Inspiring wheelchair athletes shine at Fazza BISfed championship

Sport360's Hiba Khan meets Jong Ho Kwon of Korea and Spencer Cotie of Australia during the Fazza Bisfed regional open championship 2017.

Hiba Khan
by Hiba Khan
20th April 2017

article:20th April 2017

The boccia courts at Dubai Club for Disabled were set ablaze by the strength and determination of wheelchair athletes from all over the world at the Fazza BISFed (Boccia International Sports Federation) Open Regional Championship 2016–17.

The event started on April 15, Saturday with 56 elite boccia players from 10 countries that finally came to an end on April 19 with stellar performances.

This is the fourth edition of the championship with UAE as the hosts, who were represented by 13 players and the ranking points accumulated here will help in qualifying for the 2020 Olympics in Tokyo, Japan.

The word Boccia (pronounced BAW-CHA) is derived from the Italian word for ‘bowl’ and is a precision ball sport that requires muscle control, accuracy and mental focus to throw the ball as close to the Jack or target white ball.

Boccia has been a Paralympic sport since 1984 and is reportedly practised in 50 countries worldwide.

The participants are divided into four groups; BC1, BC2, BC3 and BC4, according to the nature of their disability.

BC3 athletes usually have impairment in all four limbs, which is why they are often accompanied by their assistants and play the sport using assistive ramps.

Spencer cotie and Alysha Winn


The activity has given meaning to wheelchair athletes who never thought they would be able to play sports, but possessed a strong penchant for it like 18-year-old Spencer Cotie from Australia, who competed with the aid of his assistant, Alysha Winn.

“I am a really big sports fan and I thought I would never be able to play sports, but once I heard of Boccia and I tried it out, it really changed things for me. It gave me a chance to show my competitive side that I have always had,” Cotie told Sport360 through his assistant, Alysha Winn.

Cotie has been ranked 71 in the world, but at the Fazza BISFed championship he has beaten some top-ranked boccia players.

He is currently studying to earn his high school certificate and is aiming to qualify for the 2020 Paralympic games in Tokyo.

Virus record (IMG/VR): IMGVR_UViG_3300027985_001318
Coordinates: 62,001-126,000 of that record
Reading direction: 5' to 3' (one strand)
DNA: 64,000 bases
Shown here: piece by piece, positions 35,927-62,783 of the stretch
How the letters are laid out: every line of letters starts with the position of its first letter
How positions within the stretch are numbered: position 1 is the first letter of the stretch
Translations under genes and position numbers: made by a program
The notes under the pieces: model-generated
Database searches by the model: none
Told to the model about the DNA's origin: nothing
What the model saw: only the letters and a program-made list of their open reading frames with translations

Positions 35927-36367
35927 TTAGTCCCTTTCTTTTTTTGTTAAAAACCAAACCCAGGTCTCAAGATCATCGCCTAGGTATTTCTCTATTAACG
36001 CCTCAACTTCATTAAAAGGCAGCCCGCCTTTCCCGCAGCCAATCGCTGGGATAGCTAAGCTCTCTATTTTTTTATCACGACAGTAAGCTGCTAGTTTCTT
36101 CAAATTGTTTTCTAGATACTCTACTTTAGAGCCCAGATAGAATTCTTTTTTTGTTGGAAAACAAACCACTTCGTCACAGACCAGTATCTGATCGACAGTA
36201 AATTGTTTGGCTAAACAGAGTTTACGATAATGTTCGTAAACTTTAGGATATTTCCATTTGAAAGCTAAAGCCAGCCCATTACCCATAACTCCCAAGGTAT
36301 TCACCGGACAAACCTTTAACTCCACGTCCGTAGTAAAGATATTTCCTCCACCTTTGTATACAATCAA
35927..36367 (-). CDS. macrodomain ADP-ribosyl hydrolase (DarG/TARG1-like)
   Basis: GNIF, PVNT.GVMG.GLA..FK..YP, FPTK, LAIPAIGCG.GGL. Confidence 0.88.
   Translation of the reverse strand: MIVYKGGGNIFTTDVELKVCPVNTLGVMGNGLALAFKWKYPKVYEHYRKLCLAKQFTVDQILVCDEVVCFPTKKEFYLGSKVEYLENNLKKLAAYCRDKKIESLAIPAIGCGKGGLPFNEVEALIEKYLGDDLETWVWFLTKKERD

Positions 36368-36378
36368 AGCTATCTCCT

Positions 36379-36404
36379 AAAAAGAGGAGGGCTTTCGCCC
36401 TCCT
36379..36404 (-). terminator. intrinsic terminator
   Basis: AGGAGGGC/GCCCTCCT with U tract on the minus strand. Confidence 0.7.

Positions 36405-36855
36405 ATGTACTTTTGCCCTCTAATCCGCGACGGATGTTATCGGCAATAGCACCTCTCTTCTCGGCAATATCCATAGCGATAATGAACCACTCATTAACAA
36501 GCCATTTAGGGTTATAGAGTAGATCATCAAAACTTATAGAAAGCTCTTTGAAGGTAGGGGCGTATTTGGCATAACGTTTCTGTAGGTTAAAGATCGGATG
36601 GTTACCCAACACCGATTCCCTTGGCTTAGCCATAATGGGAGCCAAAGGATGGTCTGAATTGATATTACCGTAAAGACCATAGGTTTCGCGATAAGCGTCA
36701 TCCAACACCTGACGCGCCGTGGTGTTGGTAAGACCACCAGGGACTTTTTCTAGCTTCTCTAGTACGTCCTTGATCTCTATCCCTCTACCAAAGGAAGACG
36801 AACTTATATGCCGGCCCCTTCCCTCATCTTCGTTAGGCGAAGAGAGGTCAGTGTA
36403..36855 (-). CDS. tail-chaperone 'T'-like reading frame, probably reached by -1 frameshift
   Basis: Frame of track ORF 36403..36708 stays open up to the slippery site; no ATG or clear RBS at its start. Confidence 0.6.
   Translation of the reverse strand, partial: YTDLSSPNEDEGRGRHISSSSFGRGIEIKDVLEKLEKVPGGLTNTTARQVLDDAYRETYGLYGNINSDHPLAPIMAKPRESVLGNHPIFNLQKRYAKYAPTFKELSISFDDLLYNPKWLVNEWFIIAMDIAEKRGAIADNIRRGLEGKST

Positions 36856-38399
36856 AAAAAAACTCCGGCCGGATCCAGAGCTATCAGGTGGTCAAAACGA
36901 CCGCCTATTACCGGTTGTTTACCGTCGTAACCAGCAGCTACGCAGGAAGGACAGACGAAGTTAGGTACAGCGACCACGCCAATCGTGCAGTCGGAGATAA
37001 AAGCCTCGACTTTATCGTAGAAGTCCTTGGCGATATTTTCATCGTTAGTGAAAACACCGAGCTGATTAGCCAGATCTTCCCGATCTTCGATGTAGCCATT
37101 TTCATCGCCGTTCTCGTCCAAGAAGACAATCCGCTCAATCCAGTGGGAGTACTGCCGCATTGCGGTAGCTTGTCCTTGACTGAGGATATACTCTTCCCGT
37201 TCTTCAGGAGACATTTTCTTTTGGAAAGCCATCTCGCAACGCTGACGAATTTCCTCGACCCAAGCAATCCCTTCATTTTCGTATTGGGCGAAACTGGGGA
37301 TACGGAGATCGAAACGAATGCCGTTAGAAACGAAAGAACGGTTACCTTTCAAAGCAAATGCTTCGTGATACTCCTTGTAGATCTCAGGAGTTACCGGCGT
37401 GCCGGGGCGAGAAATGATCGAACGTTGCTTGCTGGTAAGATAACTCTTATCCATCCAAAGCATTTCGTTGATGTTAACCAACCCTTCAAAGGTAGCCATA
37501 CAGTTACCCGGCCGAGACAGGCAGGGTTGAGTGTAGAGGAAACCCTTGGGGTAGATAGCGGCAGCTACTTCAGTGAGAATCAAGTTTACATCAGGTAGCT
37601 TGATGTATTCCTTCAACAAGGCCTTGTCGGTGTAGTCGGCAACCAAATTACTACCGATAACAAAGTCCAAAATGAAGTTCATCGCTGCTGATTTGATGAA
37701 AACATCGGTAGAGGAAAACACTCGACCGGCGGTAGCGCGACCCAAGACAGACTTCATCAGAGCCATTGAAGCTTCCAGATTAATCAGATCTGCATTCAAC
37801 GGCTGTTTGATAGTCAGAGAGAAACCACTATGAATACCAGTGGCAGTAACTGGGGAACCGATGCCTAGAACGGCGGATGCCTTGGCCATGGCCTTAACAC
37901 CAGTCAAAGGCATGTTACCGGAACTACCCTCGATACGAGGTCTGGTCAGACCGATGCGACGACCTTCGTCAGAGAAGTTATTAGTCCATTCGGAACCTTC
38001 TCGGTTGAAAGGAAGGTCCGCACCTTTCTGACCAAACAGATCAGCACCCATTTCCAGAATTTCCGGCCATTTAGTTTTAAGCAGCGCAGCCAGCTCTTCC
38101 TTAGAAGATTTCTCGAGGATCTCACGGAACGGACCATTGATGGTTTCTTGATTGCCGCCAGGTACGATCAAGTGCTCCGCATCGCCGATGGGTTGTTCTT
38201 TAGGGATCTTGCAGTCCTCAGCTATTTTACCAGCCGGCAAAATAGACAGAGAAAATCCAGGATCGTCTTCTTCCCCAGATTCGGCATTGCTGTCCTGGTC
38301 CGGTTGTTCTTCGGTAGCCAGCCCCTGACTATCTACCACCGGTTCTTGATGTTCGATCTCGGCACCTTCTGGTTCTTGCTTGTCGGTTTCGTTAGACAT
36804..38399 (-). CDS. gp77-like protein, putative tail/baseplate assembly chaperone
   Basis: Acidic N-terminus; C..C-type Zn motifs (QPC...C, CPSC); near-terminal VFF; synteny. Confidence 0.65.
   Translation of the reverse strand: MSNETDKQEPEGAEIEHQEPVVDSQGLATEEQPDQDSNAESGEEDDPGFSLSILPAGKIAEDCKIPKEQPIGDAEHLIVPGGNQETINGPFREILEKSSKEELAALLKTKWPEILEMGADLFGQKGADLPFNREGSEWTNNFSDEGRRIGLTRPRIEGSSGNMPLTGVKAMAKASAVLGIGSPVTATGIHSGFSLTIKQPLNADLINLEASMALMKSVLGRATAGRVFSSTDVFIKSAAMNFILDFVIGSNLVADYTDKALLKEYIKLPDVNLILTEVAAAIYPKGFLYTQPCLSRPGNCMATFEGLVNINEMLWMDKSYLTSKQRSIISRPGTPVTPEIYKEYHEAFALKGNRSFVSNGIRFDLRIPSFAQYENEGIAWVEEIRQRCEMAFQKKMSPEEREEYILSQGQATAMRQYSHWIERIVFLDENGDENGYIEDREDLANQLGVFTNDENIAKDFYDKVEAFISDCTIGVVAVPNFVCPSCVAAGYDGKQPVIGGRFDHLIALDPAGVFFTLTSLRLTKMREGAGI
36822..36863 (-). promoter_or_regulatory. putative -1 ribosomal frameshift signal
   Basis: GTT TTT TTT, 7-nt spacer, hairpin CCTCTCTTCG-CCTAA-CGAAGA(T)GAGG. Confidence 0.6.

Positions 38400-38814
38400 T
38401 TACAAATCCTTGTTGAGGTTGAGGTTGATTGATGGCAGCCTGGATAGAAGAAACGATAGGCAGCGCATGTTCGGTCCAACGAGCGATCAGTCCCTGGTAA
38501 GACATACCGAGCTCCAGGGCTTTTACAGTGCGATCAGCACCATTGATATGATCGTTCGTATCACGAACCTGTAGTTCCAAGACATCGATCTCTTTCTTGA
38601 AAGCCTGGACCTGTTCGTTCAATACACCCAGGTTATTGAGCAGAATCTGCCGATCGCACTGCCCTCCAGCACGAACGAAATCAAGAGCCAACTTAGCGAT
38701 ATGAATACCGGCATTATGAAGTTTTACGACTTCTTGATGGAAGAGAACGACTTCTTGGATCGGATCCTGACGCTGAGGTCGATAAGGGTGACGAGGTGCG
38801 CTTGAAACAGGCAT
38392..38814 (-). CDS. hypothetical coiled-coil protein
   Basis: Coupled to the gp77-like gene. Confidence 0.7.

The Australian teen was scouted by his coach Ken Halliday at his school and started training with him eight years ago.

Halliday saw Cotie’s playful spirit and immediately took him under his wing after convincing his parents to let him try out the sport.

He has been training with the Cerebral Palsy Alliance for five years and won a bronze medal in BC3 individual category at the Fazza championship.

“Spencer is really excelling at a really fast pace and now we are in the semi-finals, which is really beyond all our expectations,” said Alysha Winn.

Mother Son Duo


Like Spencer Cotie, Jong Ho kwon was another inspiring athlete who was present at the championship with his mother Ho Sun.

The 20-year-old hails from Korea and has cerebral palsy. His gym teacher in elementary school had asked his parents to let him try Boccia, but it wasn’t until middle school that he decided to give this sport a shot.

Throughout Jong Ho’s career as a Boccia player, his mother has been his one true constant and has seen him grow with the help of this sport.

“I noticed that his communication skills got better and he even became better at focusing on tasks. Boccia really helped him and he even has friends now,” she said.

Ho Sun is very dedicated to helping Jong Ho’s career reach new heights. Training everyday with Jong Ho caused her to develop a chronic back problem, but that didn’t stop her or her son.

“While I am assisting Jong Ho, I have to constantly bend and fix up the ramps for him and as a result of that I have constant backaches. When my husband saw my health failing, he really wanted us to quit and I almost did, but I spoke to him and I told Jong Ho that if he doesn’t work hard then I won’t be able to support him.

“It’s like my determination really touched him and ever since that point where we almost quit, Jong Ho has been training hard and whenever he wins a medal, he gives it to me as a present.

“Even if he gets disqualified from a competition he insists on staying through the rest of the competition so he can watch the players and learn from them to improve for the next match.”

Jong Ho is currently ranked number seven in Korea and 48 in the world.

He lost in the semi-finals to Spencer Cotie and finished fourth in the tournament.

However, with other competitions lined up there are plenty of opportunities for Jong Ho Kwon and other wheelchair athletes to keep working hard and improve their rankings.

Spencer Cotie and Kwon Jong Ho